It is a great pleasure to announce that Marco Bonett-Matiz has been named the recipient of the 2015 D. Allan Bromley Graduate Fellowship in Physics.
As you may know, Marco Bonett-Matiz’s thesis research is in theoretical nuclear many-body theory. It involves the application of a quantum Monte Carlo approach in the framework of the configuration-interaction shell model. The auxiliary-field quantum Monte Carlo (AFMC) method is among the most powerful computational tools for the study of strongly correlated systems such as nuclei and strongly correlated electron systems (in condensed matter physics). Recently, Marco has been working on an approach using AFMC to calculate excited states, which is an important and challenging goal.
Marco has broad interests beyond physics, focusing on the areas of science education, and community service. Marco taught the PHYS S181 E&M course for four summers in a row, and served as a Physics and Math tutor for the Yale Science & Quantitative Reasoning Program. Marco has volunteered for Integrated Refugee & Immigrant Services (IRIS), helping refugees to get settled in New Haven. In addition to participation at national conferences dedicated to science outreach and diversity, Marco has mentored, together with other Yale graduate students and postdocs, science projects at the Metropolitan Business Academy Magnet High School in New Haven.
The selection committee faced another tough choice this year, with many highly-qualified applicants. Dr. Bromley would be thrilled to see the many ways that Yale Physics graduate students are making a difference at Yale, and beyond.
The D. Allan Bromley Fellowship Fund for Graduate Research in Physics was established in 2005 to honor Professor D. Allan Bromley, Sterling Professor of the Sciences at Yale University and former Presidential Science Advisor to President George H. W. Bush. The Fellowship was created by Prof. Bromley’s former students Joel Birnbaum (Yale Physics PhD ‘65), Joe Allen (Yale Physics PhD ‘65), and John Manoyan (Yale Physics PhD ‘87), because of their “deep affection and respect for” Prof. Bromley, in order to “memorialize his exceptional teaching and research career at Yale.”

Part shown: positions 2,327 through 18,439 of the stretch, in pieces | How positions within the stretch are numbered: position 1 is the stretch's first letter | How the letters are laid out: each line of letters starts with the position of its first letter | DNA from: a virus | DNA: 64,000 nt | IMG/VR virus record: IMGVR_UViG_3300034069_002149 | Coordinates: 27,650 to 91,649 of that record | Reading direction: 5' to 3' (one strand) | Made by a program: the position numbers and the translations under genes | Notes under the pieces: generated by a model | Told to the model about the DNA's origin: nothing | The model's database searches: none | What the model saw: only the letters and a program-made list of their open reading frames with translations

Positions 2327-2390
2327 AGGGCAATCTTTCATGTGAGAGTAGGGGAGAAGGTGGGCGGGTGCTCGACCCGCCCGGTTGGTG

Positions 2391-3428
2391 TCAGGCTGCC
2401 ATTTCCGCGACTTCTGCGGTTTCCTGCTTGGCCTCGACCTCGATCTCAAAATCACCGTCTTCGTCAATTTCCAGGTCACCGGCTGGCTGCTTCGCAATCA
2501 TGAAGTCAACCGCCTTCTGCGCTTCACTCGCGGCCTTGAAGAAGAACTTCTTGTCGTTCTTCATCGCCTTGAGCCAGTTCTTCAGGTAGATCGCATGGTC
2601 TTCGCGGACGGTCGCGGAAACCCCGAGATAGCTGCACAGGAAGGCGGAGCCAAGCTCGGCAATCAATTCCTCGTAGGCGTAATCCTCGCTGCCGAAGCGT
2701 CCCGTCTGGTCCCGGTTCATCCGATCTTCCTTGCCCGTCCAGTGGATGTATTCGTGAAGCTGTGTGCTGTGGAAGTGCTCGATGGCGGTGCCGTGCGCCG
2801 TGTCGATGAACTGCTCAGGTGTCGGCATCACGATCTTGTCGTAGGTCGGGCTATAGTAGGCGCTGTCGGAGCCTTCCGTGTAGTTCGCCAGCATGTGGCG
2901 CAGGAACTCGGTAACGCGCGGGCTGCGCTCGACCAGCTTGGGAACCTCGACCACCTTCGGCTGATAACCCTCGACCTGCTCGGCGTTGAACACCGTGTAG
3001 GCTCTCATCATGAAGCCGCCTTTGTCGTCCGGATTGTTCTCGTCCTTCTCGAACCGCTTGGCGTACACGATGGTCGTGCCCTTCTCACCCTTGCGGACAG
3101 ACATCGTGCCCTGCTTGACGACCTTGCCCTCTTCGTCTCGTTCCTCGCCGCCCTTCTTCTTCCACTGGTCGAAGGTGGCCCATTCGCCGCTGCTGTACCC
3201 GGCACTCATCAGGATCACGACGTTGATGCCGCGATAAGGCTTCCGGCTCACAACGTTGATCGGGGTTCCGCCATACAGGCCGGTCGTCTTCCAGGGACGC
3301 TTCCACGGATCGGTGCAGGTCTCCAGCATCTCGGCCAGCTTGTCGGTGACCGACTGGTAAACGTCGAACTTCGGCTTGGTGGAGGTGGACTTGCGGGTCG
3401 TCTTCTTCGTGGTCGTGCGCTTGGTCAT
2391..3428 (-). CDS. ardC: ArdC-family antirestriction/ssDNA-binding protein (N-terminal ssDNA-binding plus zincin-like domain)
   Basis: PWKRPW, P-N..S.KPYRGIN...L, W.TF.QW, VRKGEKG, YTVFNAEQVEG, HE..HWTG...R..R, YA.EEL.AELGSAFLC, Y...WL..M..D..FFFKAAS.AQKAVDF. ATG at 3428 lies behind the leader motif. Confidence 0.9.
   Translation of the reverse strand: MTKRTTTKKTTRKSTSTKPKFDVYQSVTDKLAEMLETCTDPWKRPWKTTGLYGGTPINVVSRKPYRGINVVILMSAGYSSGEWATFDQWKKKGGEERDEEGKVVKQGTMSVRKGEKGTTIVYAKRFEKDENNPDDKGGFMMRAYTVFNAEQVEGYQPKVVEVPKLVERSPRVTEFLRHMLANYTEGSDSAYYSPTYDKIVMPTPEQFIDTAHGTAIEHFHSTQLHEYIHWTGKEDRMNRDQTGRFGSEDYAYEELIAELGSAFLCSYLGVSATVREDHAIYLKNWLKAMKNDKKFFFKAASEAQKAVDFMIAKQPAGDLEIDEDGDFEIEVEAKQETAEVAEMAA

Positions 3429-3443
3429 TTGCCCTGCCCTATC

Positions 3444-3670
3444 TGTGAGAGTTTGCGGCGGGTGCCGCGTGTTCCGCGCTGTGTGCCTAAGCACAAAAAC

The Fellowship is awarded annually to graduate students in Physics who have advanced to candidacy in the Ph.D. program, particularly those “who exhibit a broader interest than just physics, including, but not limited to, science and public policy, engineering, and applied science.” Candidates are nominated by the Physics faculty and selected by the D. Allan Bromley Professor of Physics (currently Rick Casten) and the Director of Graduate Studies (currently Sean Barrett). The indenture goes on to say, “In this way, the recipients will reflect and celebrate Dr. Bromley’s distinguished and honorable persona in the exceptional scope, standing, talent, and character of his distinguished personal, public, and academic life.”